When Dr. Ed Schoen finished medical school in 1954, many roads lay open before him. After much consideration, he chose the one that came with a free two-seater convertible sports car. That car, a Kaiser Darrin, was part of the offer from a health-care provider founded by the man who was the namesake of both: Henry J. Kaiser.
Most people think of Kaiser as a WWII-era shipbuilder, or as one of the fathers of the Hoover Dam. But between 1947 and 1967, Kaiser's name was stamped onto the grille of more than 100,000 automobiles. The Darrin is the rarest of all Kaiser cars -- only 435 were ever made. It has an exceptionally unique design: the front doors slide into the fender rather than opening out, and the body was the inspiration for many future sports cars.
Dr. Schoen is retired now, but his Darrin is still working hard. It came all the way from Point Richmond to spend the next three months wowing automotive-enthusiast guests at the Oakland Museum of California. You can swing through and take a gander at this and other uniquely styled Kaiser cars, now through July 11, at the museum's showcase, "The Cars of Kaiser-Frazer: A Car for Everyone." Bruce Kiser's '53 Manhattan is also on display. He purchased the vehicle in 1996 because, as he puts it, "I was born in 1953 and my name is Kiser, so I figured, what the heck!" The four vintage cars are exhibited alongside Kaiser car advertisements, models, posters, premiums, and other ephemera.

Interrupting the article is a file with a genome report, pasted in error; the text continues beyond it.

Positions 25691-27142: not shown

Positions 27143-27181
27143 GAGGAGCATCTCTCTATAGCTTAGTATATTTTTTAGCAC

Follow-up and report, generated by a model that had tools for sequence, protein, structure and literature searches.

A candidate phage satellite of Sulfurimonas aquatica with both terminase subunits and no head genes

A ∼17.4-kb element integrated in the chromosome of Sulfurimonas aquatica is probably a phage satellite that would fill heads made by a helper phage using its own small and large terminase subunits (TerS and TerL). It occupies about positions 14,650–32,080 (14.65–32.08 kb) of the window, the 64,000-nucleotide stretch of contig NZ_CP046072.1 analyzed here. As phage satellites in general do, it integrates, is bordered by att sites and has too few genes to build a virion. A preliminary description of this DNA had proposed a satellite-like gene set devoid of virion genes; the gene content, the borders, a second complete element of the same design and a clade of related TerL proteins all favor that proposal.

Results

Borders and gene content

The antique autos are being shown as part of the museum's ongoing exhibition, "Henry J. Kaiser: Think Big." The three-month vehicular portion of the show is the culmination of two years' work by Michael Dobrin, a bearded, enthusiastic gearhead who runs an automotive PR firm in his spare time. He has coordinated previous car shows at the museum, including a 1998 custom car and hot rod exhibit. "I've worked with the Kaiser-Frazer owners' club," he says. "Their California chapter has about 25 members, all of which own at least one or two Kaisers."
The secretary of the Kaiser-Frazer car club, Bob Gilzean, is also lending his best car to the exhibit. The Chico resident brought his 1949 Kaiser Vagabond down on a trailer, then drove it up the temporary stair-ramp with such gusto it left museum workers quivering with shock. The Vagabond is quite possibly the first-ever hatchback. Its revolutionary trunk design forced the spare tire into the back seat, which required the manufacturer to weld the left rear door shut. Passengers either had to enter from the other side, or perform the Dukes of Hazzard maneuver.
As always, there are plenty of other exciting things to see and do at the Oakland Museum (Oak and 10th streets). If you time it right, you just might glimpse the freshly hatched ducklings nesting in the reeds around the entrance-way pond. But be sure to stop in and say hi to Dr. Schoen's Darrin before it's taken back home and covered up for safekeeping. For more info: MuseumCA.org or 510-238-2200.
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